There are many incidental characters in Harvest Moon and many sub-plots, but Duke and Manna are central to these games in my view.

Without going into too much detail here, the game offers a partial solution for the problems of all these unhappy individuals. The grape harvest occurs in the middle of Autumn. Duke will come to your house one morning to ask if you wish to help with the harvest. He offers to pay you for your labour and suggests that he could use even more help if you know any one else who might be willing to harvest grapes.

You now have the option of offering Cliff a part-time job at the vineyard. Again, a player who is obsessed with his/her own success may view Cliff as a potential rival in terms of wages made for harvesting grapes. Taking this attitude would be a mistake.

If you tell Cliff about the temporary grape-picking job, he will be able to stay in Mineral Town. Furthermore, Duke and Manna will offer him a regular job at the vineyard. In time, they will begin to view Cliff almost as a son and will dine together as a family at the Inn on Saturdays. Duke no longer will drink to excess and Manna no longer will be lonely.

The 'lost daughter', Aja does not return to Mineral Town, but there will be more contact by telephone and letter between parents and daughter. It is not 'happily ever after' but it is a decent life... and you will have made it possible through your actions.

One of the reasons I admire the creators of Harvest Moon so tremendously is the underlying philosophy of the games and the way players are encouraged to be a little less selfish. Most Harvest Moon games cannot be 'won'... creating a successful and happy life is the ultimate goal, and this is an ongoing project. There are games that have time limits but in most cases, you can continue your life indefinitely. In 'Harvest Moon Boy & Girl', marriage is optional. There is a three-year time limit in terms of restoring the farm to a specific percentage. In other words, you do not need to be the greatest farmer in the world, but you do have to make some effort! That is all that is required.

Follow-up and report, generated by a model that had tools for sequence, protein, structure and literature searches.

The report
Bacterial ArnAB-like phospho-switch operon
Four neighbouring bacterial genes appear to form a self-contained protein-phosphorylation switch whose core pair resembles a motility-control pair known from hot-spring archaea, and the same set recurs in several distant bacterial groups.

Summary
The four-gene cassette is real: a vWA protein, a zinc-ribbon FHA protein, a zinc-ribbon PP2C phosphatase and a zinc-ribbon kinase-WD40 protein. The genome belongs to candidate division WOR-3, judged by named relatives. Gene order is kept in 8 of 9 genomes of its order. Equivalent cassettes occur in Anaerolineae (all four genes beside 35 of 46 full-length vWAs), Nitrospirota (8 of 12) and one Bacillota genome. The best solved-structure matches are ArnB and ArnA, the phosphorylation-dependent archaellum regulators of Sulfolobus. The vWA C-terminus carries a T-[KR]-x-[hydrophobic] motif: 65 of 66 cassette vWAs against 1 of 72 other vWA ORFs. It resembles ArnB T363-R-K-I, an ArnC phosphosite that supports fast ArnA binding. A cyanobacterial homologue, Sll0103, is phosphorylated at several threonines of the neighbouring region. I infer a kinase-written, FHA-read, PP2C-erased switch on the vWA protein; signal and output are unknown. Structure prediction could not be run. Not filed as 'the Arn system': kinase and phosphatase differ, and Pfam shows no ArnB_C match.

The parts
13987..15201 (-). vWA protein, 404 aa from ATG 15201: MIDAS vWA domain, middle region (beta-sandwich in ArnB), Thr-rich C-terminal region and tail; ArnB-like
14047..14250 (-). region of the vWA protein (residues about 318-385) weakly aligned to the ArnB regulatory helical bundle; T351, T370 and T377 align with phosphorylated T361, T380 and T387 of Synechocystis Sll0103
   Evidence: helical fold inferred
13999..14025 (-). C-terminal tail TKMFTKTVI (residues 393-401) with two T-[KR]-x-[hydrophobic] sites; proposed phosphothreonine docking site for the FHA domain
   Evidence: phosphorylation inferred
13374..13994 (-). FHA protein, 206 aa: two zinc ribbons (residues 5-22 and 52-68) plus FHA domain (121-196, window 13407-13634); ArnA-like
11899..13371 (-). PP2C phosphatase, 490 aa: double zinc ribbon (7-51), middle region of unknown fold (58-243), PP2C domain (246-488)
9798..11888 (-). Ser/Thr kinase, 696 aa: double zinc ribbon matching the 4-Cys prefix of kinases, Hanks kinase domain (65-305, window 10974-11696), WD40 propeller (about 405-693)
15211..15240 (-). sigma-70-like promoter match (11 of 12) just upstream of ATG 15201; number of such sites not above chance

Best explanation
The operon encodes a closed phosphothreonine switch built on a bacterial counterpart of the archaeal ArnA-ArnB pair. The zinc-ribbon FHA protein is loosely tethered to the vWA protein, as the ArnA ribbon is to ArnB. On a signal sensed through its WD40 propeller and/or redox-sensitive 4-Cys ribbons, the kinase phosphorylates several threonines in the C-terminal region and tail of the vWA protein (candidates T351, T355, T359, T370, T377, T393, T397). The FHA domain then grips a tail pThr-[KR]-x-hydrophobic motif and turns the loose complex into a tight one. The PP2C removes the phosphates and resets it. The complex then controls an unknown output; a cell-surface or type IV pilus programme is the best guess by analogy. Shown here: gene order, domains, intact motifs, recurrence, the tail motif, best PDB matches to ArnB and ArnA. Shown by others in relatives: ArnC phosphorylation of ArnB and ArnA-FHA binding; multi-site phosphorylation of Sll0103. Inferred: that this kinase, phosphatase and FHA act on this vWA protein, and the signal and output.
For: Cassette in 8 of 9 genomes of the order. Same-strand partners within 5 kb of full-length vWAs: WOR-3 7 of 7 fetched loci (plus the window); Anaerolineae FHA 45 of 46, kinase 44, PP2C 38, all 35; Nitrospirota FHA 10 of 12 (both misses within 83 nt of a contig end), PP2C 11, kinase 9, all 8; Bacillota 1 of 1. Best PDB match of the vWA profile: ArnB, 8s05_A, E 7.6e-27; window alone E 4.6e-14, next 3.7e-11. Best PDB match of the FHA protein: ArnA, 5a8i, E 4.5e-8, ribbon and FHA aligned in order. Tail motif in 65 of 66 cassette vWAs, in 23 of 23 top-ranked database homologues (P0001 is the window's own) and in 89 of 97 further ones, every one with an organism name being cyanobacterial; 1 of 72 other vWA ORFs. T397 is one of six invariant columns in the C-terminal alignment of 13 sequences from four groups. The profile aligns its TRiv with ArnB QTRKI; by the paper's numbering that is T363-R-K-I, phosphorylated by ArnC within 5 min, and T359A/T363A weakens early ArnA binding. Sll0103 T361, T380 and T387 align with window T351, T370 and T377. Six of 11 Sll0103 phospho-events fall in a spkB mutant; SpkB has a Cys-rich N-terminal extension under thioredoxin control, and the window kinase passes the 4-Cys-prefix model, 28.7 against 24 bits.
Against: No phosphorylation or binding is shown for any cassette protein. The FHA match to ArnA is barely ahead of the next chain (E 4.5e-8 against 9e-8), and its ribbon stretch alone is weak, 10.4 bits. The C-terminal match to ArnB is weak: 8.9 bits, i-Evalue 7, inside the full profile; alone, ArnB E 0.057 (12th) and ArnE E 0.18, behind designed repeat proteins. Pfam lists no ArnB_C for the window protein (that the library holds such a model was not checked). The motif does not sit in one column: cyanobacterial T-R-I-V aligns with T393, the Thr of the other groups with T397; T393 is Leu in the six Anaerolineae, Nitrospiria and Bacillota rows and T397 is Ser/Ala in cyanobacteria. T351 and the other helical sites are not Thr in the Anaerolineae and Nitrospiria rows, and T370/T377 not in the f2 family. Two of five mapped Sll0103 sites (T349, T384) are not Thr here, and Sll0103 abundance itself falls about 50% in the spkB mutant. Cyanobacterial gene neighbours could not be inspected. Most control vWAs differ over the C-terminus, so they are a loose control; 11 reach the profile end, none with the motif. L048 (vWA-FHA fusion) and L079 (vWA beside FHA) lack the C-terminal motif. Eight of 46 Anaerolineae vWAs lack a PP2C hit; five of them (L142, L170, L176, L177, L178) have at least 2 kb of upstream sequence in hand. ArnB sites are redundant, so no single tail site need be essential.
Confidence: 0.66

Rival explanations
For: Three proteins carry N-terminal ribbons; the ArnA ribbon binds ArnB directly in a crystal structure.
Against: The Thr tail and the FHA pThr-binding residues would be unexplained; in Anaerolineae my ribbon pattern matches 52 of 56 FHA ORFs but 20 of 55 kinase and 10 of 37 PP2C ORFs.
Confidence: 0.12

To me, though, the shift in perspective was enlightening. Realising that my character was not the most important in terms of plot somehow made me appreciate the depth of these games even more. The fact that these lessons are not beaten into you but must be discovered is very satisfying in intellectual and emotional terms.

The tale of Duke and Manna is a very common one. Marriages in the real world are not 'happily ever after' in many cases. A tragedy often can destroy the integrity of a partnership rather than bringing individuals close to one another. It is easier sometimes to withdraw into oneself, to seek salvation or a deadening of the nerves rather than continuing to participate fully in any community or family life.

The options that your own character is given demonstrate the need to scrutinise our own actions and not to respond defensively or selfishly to any situation that arises. Here there are two different elements: love and financial profit. In both cases, however, the best choice is the one that helps another human being. Your character does not lose anything by helping Cliff. The community becomes stronger, three people are given a chance for happiness and you still make a profit and have the choice of marrying Ann if you wish.

Too many players fail to recognise any of this, however. They choose NOT to offer the job to Cliff and then are upset later when they realise they have gained nothing by doing so and lost much. The game becomes much smaller if Cliff leaves Mineral Town at the start of the first Winter... Furthermore, if you do not marry Ann yourself, she is doomed to remain single in this scenario. You therefore could be responsible for the continuing unhappiness of four individuals if you do not have sufficient kindness in your heart to help some one in need when you are given the chance to do so!

In real life, of course, we do not have this sort of power most of the time. We can help others on occasion, but it does not guarantee any happy endings. Perhaps one of the great attractions of games like Harvest Moon is the sense of satisfaction as well as a knowledge that 'A' leads to 'B' and then to 'C'... There is no such certitude in real life. Mind you, even in Harvest Moon, a typhoon or severe snowstorm can wipe out most of the farm. One is not all-powerful and fate can be capricious as much in Harvest Moon as it is in Life.

1 comment:

Mountain Gnome said...

Dear Freyashawk

What a wonderful post! This is precisely why I love Harvest Moon SO much!